Tuesday, June 30, 2009
Friday, June 26, 2009
Thursday, June 25, 2009
If you liked the first Transformers movie, you’ll enjoy this one just as much for what it is: an entertaining popcorn action flick. Michael Bay brings us the same energy and enthusiasm as it’s predecessor. Megan Fox is as hot as ever and Shia Labeouf’s vigorous performance once again kept me feeling like doing something drastic as soon as I got out the theater. But I just ended up going home and making smores with my cousins. Hey, that’s pretty ballsy. We made ‘em in the microwave. Who knows what that kind of radiation can do to marshmallows. The Stay Puft Marshmallow man could’ve busted out of there. We live on the edge. Radioactive smores… oh yeah..
…wait, A.D.D. is kicking in…
OK, I’m good…
…here’s the synopsis:
The movie opens in 17,000 BC with primitive human beings discovering “The Fallen,” an army of robots who end up attacking them. An event that is short-lived on screen in order to flash forward to modern times where Sam Witwicky (Labeouf) is packing to go off to college. He soon discovers a piece of the AllSpark, the cube rock from the first movie that turns machines into robots, in his closet and all hell breaks loose. But even though his house is blown into pieces, his parents (the coolest parents in the world) still manage to pack his things and take him to his new college. No problem, the insurance will cover the damages. When Sam gets to his dorm room, he meets his roommate, Leo Spitz (Ramon Rodriguez), who conveniently runs an alien conspiracy website and just found footage in China of robots attacking a town. Sam plays it off as though he doesn’t believe in that kind of stuff. He’s so modest that Sam.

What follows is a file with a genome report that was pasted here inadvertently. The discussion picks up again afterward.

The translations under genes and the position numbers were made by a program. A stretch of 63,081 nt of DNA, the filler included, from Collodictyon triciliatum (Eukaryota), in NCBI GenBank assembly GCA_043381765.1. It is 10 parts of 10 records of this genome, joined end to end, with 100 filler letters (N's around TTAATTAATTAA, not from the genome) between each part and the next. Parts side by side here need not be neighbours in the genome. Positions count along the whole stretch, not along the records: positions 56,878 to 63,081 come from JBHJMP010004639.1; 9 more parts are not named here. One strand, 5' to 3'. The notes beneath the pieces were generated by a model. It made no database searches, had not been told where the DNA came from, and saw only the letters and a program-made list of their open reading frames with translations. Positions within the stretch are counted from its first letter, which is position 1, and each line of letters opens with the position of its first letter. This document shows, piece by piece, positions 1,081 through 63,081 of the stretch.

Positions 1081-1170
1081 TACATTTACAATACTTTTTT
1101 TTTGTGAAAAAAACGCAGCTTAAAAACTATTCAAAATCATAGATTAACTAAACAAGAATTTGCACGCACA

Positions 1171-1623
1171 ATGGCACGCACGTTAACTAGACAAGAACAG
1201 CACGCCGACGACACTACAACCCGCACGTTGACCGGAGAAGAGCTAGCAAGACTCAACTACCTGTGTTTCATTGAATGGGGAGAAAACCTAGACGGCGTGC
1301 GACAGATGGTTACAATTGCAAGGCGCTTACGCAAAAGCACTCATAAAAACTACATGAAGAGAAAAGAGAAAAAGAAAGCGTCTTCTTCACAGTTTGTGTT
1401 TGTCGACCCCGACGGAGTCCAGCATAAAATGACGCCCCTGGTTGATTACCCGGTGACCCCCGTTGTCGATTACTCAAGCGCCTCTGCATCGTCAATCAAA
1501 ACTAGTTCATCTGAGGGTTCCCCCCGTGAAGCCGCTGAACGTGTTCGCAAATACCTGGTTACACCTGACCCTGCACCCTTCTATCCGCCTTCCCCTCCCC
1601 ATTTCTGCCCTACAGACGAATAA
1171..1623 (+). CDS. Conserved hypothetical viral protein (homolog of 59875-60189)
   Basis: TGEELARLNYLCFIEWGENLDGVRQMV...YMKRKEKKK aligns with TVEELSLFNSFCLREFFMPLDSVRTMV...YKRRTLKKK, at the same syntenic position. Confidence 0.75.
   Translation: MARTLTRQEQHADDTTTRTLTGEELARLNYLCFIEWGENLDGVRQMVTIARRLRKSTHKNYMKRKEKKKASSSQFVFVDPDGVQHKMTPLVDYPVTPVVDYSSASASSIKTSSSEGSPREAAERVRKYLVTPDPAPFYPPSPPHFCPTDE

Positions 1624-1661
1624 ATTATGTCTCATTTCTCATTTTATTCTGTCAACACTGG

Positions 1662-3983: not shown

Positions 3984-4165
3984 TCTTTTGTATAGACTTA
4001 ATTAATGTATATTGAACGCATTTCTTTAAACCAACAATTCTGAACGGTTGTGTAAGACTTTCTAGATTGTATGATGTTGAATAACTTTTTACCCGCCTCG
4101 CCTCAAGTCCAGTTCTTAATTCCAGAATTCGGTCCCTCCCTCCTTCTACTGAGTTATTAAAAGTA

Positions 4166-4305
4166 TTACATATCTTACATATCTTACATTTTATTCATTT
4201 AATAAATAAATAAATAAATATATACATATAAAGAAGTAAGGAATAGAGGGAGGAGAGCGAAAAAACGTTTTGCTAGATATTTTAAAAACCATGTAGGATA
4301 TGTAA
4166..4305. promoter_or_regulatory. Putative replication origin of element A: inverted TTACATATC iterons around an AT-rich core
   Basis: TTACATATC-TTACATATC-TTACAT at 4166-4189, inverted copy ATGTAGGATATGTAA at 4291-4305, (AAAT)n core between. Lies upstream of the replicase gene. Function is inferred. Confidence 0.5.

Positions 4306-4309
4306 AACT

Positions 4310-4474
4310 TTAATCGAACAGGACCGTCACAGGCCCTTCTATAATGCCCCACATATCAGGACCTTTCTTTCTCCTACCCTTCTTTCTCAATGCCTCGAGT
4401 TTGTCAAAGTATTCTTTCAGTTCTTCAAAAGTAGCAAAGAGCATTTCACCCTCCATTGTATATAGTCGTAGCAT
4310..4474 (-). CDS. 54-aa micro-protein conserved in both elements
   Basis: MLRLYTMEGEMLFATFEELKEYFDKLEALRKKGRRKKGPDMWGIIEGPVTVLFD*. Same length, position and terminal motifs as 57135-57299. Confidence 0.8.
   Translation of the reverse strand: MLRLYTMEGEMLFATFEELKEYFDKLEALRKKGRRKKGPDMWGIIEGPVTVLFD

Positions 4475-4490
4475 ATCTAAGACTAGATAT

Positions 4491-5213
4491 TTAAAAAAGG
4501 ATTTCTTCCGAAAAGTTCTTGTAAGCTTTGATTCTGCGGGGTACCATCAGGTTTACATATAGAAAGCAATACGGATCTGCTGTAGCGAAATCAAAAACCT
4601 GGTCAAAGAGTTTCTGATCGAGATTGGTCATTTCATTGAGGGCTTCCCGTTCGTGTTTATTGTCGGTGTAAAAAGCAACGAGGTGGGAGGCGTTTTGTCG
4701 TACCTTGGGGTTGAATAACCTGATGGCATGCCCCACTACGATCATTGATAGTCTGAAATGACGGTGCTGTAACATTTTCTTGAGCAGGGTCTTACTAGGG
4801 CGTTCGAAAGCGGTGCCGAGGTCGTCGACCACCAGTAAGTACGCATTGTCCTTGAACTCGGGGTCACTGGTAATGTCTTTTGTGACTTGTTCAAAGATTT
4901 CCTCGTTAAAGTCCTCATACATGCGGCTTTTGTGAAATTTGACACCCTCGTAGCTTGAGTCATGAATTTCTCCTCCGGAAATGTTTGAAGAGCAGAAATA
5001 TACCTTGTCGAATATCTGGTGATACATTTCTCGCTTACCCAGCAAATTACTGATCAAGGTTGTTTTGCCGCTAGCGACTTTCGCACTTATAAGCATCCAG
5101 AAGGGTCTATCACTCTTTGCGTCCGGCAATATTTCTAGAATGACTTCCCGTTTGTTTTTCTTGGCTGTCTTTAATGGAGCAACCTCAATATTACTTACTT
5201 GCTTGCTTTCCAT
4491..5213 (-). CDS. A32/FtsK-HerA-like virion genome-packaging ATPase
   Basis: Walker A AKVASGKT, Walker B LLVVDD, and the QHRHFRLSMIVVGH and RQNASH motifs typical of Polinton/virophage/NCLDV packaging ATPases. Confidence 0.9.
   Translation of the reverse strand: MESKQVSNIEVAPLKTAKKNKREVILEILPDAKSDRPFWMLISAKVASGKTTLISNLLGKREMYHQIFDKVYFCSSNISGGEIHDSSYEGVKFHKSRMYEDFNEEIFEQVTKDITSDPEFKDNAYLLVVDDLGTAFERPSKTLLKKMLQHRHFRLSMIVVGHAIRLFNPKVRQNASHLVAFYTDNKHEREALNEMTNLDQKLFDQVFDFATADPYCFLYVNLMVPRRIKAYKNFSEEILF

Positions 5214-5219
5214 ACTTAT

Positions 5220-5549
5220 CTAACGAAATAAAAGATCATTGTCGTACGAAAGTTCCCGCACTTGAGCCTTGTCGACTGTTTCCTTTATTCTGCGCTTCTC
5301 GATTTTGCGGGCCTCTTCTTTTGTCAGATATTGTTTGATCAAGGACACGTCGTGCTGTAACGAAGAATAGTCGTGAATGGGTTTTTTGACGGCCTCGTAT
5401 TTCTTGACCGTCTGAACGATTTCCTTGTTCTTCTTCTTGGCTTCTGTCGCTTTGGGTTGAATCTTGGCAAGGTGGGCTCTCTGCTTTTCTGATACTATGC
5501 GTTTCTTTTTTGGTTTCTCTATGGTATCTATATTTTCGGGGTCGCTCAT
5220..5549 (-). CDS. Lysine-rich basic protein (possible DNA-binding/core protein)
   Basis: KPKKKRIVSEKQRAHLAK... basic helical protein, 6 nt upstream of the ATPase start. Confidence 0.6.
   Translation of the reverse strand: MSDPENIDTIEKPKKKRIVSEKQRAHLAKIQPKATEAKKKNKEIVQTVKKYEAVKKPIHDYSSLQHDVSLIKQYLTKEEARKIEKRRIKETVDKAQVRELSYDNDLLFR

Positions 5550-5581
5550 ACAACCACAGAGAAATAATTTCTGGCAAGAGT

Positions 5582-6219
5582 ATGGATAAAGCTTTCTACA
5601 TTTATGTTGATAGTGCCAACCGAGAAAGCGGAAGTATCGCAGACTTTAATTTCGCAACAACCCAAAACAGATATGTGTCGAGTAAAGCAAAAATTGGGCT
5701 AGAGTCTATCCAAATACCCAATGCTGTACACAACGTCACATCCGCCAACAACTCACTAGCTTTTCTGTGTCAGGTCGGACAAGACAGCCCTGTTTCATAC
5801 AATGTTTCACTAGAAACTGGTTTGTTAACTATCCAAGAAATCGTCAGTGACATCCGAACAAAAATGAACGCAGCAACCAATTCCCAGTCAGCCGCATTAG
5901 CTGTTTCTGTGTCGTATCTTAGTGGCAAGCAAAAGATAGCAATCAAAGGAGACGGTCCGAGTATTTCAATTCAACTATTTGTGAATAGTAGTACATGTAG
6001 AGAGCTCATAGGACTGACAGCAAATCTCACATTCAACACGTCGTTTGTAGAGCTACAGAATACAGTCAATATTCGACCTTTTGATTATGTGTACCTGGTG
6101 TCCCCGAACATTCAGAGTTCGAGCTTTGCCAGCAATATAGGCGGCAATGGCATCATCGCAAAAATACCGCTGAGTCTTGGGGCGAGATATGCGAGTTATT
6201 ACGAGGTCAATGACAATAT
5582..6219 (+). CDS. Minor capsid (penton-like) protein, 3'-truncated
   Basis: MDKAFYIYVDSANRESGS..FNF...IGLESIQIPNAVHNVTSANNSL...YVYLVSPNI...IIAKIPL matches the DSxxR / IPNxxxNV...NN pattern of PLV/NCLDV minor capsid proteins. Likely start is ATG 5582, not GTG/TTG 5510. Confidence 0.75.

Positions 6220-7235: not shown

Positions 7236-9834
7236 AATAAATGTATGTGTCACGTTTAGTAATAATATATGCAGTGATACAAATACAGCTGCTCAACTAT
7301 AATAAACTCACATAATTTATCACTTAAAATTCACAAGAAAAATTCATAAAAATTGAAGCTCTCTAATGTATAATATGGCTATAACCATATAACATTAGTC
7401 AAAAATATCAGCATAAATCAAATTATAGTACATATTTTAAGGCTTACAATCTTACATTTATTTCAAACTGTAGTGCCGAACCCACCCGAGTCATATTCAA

Back in the land of government stuff, we see that the Autobots made nice with the humans and formed an organization called NEST to fight against the Decepticons that are still on Earth. The robots eventually find Sam who is starting to see coded numbers in his vision. Throw in some Megan Fox, who surprisingly has somewhat of a purpose in the film, and you got yourself a movie!
You see the thing about a movie like this is that you get what you ask for, an exciting action film. It is exactly what it’s trying to be and it’s not asking for forgiveness. I enjoyed this film, and my little cousin did too.
Sure they could’ve been more visual with the historical things in the story and I would’ve loved to have seen that. Instead Bay keeps it very modern, as he did in the first, touching on a lot of aspects of pop culture: the blogger culture (HOLLA!), the designer clothes that are on the protagonists that manage to withstand hell and high waters, and even their references to our new President Barack Obama. (If you recall in the last film, it was very anti-Presidential, intentionally poking fun at George Bush in one scene. An interesting commentary I think).
Shia Labeouf’s performance seems to have been contagious because all of the protagonists’ performances were kicked up a notch in this film. Ramon Rodriguez does a good job at playing the “stupidly scared” sidekick. You can see him in a film that my friend Juan Caceres produced "The Startup." John Turturro is funny and exciting in his new role as a former agent turned deli owner.